On Wednesday, the company said its Monongahela Power Company subsidiary would retire the Albright, Willow Island and Rivesville power stations and furlough 105 workers by September 1.
The plants’ total capacity is 660 megawatts, or about 3% of FirstEnergy’s total portfolio.
The trio most recently served as peaking facilities, generating less than 1% on average of the company’s electricity production over the last three years.
Late last month, the company said it would cease operations at six of its coal-fired facilities in Ohio, Pennsylvania and Maryland and pink-slip more than 500 workers on September 1 for the same reason.
Those retirements – which include the Bay Shore plant units at Eastlake in Ashtabula, Lake Shore plants in Ohio, the Armstrong power station at Adrian in Pennsylvania and the R Paul Smith power station in Williamsport, Maryland – make up 2689MW, or about 10% of total electricity portfolio-wide.
“The decision to close the plants is based on the US Environmental Protection Agency Mercury and Air Toxics Standards, which were recently finalized and other environmental regulations,” the company said.
“Mon Power recently completed a year-long study of its older, unscrubbed regulated coal-fired units to determine the potential impact of significant changes in environmental regulations [and] it was determined that additional investments to implement MATS and other environmental rules would make these plants even less likely to be dispatched.
“As a result, the decision was made to retire these West Virginia plants rather than continue operations.”
FirstEnergy operations president and Mon Power regional president James Haney said the high cost to implement MATS and other environmental rules was the impetus behind the decision.
The company said less than 105 workers could be affected by the closures, as some would be considered for other open positions with FirstEnergy.
Also, existing severance benefits would apply to eligible affected employees and other employees might take an additional benefit offered to those eligible for retirement.
FirstEnergy said regional transmission group PJM Interconnection would be reviewing the plant retirements for any reliability impacts.
In the meantime, it is finalizing MATS compliance plans for the remaining coal-fired units it owns.
The company and its predecessors have invested more than $10 billion in environmental protection efforts since the EPA’s Clean Air Act was passed in 1970.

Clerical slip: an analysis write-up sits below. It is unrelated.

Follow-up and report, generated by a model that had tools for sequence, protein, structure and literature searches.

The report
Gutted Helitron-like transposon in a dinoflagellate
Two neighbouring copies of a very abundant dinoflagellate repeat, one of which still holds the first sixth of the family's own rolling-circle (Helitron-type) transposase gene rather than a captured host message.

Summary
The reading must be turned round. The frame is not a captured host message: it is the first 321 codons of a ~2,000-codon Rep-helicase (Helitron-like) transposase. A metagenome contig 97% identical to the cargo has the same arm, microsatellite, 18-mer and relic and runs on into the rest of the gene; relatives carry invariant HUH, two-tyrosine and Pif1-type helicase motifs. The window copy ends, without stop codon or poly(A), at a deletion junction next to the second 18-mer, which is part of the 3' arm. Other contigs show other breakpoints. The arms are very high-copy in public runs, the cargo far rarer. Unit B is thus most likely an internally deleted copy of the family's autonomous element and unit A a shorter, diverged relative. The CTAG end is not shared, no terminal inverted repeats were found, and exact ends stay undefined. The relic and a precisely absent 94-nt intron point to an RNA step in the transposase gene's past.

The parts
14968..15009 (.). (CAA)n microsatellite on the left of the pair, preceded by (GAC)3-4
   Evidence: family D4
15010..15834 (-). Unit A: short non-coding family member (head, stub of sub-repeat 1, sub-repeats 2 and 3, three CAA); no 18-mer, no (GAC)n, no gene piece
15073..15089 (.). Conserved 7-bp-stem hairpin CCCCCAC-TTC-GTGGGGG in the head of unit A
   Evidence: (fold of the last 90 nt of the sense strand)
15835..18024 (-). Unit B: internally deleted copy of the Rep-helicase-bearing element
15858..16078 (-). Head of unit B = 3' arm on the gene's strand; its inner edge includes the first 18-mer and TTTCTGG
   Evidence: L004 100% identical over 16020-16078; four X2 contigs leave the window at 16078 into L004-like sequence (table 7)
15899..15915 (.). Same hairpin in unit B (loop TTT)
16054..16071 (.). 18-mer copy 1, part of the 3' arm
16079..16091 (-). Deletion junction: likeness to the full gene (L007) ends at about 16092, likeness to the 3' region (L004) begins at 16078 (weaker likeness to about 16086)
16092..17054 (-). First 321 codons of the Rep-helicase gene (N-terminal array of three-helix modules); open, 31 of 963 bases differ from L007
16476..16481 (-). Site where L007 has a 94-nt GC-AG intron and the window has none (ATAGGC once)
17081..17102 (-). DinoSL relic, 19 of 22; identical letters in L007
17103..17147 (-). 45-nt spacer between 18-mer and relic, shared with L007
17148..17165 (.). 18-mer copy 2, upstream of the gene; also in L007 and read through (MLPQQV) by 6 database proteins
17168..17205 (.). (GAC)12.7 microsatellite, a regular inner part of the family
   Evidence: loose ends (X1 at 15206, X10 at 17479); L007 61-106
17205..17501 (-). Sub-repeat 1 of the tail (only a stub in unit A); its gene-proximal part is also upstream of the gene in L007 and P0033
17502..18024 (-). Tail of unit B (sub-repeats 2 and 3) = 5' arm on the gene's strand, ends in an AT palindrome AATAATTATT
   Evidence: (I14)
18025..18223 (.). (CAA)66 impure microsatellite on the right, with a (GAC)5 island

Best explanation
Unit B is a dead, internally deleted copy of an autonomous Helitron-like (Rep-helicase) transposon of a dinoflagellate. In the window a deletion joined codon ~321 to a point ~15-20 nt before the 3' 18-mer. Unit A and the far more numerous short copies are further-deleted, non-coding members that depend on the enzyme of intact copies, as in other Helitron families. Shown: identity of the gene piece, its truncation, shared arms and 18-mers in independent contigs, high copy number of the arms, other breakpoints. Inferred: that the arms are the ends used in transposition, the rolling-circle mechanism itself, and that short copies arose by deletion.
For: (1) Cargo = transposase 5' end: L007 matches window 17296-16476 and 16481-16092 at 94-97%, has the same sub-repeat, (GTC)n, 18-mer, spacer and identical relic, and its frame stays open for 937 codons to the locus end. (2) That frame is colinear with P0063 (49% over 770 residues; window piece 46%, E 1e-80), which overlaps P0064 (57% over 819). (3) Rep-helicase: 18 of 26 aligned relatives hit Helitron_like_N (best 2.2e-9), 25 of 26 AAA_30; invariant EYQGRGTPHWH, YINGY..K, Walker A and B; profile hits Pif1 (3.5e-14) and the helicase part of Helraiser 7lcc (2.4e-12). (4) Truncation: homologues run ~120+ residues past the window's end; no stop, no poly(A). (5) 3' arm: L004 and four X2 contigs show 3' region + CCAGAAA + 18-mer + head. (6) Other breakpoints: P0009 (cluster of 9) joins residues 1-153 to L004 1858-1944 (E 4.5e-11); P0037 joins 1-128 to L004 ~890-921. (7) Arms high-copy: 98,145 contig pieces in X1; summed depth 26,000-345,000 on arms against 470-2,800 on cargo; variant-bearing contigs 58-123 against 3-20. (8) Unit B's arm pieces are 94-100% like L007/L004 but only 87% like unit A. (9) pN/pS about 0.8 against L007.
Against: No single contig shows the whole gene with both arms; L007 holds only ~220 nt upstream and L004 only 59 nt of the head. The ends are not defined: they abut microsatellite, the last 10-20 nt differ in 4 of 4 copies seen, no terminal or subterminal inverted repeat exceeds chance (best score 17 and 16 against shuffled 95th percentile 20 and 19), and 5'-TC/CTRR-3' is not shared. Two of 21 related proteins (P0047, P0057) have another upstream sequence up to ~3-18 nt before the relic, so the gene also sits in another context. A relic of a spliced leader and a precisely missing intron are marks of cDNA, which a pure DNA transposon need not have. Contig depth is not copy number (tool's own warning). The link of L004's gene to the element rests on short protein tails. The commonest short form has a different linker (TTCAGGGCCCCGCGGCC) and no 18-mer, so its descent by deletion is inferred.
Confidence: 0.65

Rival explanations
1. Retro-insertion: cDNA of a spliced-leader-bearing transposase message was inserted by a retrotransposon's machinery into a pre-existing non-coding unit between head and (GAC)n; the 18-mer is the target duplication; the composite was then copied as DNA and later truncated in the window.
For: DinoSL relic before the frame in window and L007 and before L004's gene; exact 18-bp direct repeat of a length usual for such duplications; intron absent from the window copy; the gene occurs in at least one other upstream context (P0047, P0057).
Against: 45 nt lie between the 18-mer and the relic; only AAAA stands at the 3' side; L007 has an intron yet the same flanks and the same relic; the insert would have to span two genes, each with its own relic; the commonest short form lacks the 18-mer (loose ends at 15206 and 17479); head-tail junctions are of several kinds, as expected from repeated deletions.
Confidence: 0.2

In the last 22 years, the company has reduced nitrogen oxide emissions by more than 76%, sulfur dioxide by over 86% and mercury by about 56%.
With the half-dozen coal-fired plants coming offline, the balance of FirstEnergy’s fleet will use resources that are non or low-emitting, including nuclear, hydro, pumped-storage hydro, natural gas and scrubbed coal units to produce approximately 96% of its power.
According to a new Energy Information Administration report released earlier this month, the nation’s expected share of electricity generation stemming from coal is projected to drop to 39% in the next 25 years, much less than the 49% share seen as recently as 2007.
In addition to a greater need for environmental compliance, it cited continued competition from natural gas and renewable plants as well as a slow growth in power demand.
US coal consumption, it went on to say, was projected to total 20.6 quadrillion British thermal units in 2025, or almost 10% down from last year's forecast of 22.6 quads.
Forecast consumption for 2035 was also reduced from 24.3 quads to 21.6 quads.
“Although coal remains the leading fuel for US electricity generation, its share of total generation is lower in [this year’s] reference case than was projected in the  reference case,” the agency said.
“As a consequence, while still growing in most projection years after 2015, total coal production is lower in the  reference case than in the  reference case, with the gap between the two outlooks increasing substantially over the period from 2020 to 2035.”
The EIA said domestic coal production rose 0.3% per year on average from 22.1 quads, or 1084 million short tons, in 2010 to 23.5 quads, or 1188 million short tons, in 2035.